Gingrich and wife Callista Gingrich Tuesday night (Butch Dill/AP)
Newt Gingrich lost handily Tuesday night to Rick Santorum in Alabama and Mississippi—places he cast as high priority contests as he sought to lay claim to the Deep South—further setting him back in the delegate count.
But the prospect of a contested nomination, in which Romney cannot reach the 1,144 delegates he needs to secure a majority, is keeping this losing candidate afloat.In recent days, Gingrich has taken to likening himself to Warren G. Harding, the nation's 19th president, who emerged victorious from a contested 1920 Republican convention, Byron York of the Washington Examiner reports.
"The reason I keep citing Leonard Wood [the Army general and Republican presidential candidate in 1920] is because in 1920, Wood goes into the convention as the front-runner," Gingrich reportedly said Tuesday evening. "Harding goes in as the guy who's in sixth place, and at the end of ten ballots, Harding is the nominee and Wood is gone."
On Tuesday night, Gingrich proclaimed that his losses in Alabama and Mississippi still advanced him toward this goal.
"Because this is proportional representation, we're going to leave Alabama and Mississippi with a substantial number of delegates, increasing our total going towards Tampa," Gingrich said in a forward-looking and celebratory speech Tuesday night—referencing this summer's Republican convention in Florida—following his losses.
That rhetoric continued Wednesday.
"The Fight Continues!" his campaign proclaimed in a morning email to supporters.
"These past few weeks have provided additional evidence that I am the candidate best prepared to take the fight to President Obama and defeat him in November," his campaign stated in that email missive, in which they targeted the "Washington establishment" for attempting to "prematurely end" the Republican primary.
Despite this rhetoric, expect Gingrich to face further pressure to exit the race in the hopes of consolidating conservative support around Santorum. In past contests, including Tennessee, high-profile supporters have publicly realigned with Santorum, citing electability. If that continues, Gingrich will lose the funding and support necessary to keep his campaign afloat.
So how can a candidate who has just two primary wins (including his home state of Georgia), who has been unable to fulfill his proclamation to win the South, faces pressure to exit, and continues to lag behind his opponents in delegates, remain viable?
Below we map out the path forward that Gingrich's campaign is promoting:
• They're still racking up delegates: The math isn't in Gingrich's favor, but due to a proportional allocation of delegates in many states, Gingrich's second- and third-place wins around the country has sent a number of delegates his way. Gingrich predicted Tuesday that no single candidate will enter the convention with a majority of delegates, leaving the nomination contested and Gingrich and his delegates in play. Gingrich is banking on coming out the victor in that process.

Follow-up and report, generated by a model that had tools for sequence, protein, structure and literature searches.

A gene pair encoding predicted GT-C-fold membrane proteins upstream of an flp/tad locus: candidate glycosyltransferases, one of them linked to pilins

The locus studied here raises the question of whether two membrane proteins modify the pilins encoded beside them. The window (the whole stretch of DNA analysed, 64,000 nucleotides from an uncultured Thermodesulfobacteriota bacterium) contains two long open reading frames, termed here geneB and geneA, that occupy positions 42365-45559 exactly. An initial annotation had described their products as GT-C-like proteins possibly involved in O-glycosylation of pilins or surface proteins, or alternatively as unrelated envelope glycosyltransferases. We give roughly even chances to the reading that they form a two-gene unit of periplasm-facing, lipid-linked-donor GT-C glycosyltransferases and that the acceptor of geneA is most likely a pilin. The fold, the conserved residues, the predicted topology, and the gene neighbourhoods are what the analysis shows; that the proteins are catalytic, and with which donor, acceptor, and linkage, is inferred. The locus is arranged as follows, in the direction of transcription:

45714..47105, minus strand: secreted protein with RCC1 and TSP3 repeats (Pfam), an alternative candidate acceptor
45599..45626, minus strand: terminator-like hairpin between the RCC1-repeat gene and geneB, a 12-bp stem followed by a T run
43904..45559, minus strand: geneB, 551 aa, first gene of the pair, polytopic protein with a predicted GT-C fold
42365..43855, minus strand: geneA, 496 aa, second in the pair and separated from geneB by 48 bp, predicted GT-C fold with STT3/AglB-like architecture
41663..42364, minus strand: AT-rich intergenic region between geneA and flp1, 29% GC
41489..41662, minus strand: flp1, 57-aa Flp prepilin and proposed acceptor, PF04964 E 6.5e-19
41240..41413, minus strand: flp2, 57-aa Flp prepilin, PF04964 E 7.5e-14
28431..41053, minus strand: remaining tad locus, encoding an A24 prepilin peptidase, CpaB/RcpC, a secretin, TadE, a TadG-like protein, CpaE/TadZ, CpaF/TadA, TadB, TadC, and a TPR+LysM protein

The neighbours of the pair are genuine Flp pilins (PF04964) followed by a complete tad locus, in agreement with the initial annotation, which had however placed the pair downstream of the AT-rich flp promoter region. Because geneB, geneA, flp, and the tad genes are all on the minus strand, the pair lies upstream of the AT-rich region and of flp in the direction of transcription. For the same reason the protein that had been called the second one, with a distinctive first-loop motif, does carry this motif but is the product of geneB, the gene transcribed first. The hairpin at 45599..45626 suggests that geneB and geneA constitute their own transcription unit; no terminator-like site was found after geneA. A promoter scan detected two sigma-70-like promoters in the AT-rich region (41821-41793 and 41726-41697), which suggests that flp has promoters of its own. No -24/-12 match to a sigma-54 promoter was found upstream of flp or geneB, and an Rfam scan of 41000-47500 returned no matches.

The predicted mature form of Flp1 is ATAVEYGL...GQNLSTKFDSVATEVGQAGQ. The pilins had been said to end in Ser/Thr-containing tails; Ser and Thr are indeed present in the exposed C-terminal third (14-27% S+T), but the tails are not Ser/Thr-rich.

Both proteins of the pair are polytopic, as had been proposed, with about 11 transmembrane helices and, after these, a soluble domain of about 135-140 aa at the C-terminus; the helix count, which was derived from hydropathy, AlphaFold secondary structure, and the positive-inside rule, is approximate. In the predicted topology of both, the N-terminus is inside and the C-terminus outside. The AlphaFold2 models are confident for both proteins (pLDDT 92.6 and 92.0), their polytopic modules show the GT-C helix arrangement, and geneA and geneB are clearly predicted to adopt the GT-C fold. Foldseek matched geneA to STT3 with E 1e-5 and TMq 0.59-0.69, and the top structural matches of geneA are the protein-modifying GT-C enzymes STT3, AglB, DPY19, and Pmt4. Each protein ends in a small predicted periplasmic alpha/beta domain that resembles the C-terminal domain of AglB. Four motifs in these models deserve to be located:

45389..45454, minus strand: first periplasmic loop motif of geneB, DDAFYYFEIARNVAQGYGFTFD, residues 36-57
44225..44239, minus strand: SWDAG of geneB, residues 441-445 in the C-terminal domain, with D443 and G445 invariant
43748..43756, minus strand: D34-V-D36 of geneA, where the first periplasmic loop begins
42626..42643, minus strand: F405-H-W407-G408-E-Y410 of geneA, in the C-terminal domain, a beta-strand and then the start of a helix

• Gingrich is favored in upcoming contests: Gingrich's campaign in its Tuesday memo claimed an edge in states soon to vote—Louisiana, the District of Columbia (which Gingrich's team noted is winner-take-all and Santorum will not appear on the ballot), Maryland, and his wife Callista's home state of Wisconsin, though early indications suggest his support is fading in Louisiana. His campaign contends the pace of the remaining contests also bodes well for Gingrich and will bring him to states where it will take more than money to win a majority of support. "The sequencing and pace of the second half favors Newt," his campaign argued in its public memo. "When this process started, Newt's team had two goals: block an early Romney nomination; and plan for a sequenced and paced second half." Texas, which promises 155 delegates and where Gingrich has the support of Gov. Rick Perry, also factors heavily into the Gingrich strategy.
• Mitt Romney is losing steam: Amid their own losses to Santorum, Gingrich and his campaign argue publicly that Romney's losses to Santorum prove he is a weak front-runner. "The elite media's effort to convince the nation that Mitt Romney is inevitable just collapsed," Gingrich said in his speech Tuesday night. "If you're a front-runner and you keep coming in third, you're not much of a front-runner."
• Voters will realize Gingrich is Obama's biggest fear: National head-to-head polling may not bear this out, but Gingrich contends that he's the strongest candidate to take on President Obama. He uses his new pledge to lower gas to $2.50 per gallon as the most recent example of his ability to influence the White House, even from his current unofficial position. "The White House is clearly on the defensive," his campaign wrote Wednesday. Gingrich believes his campaign of "solutions" and "big ideas" will lead him to outlast and defeat opponents.
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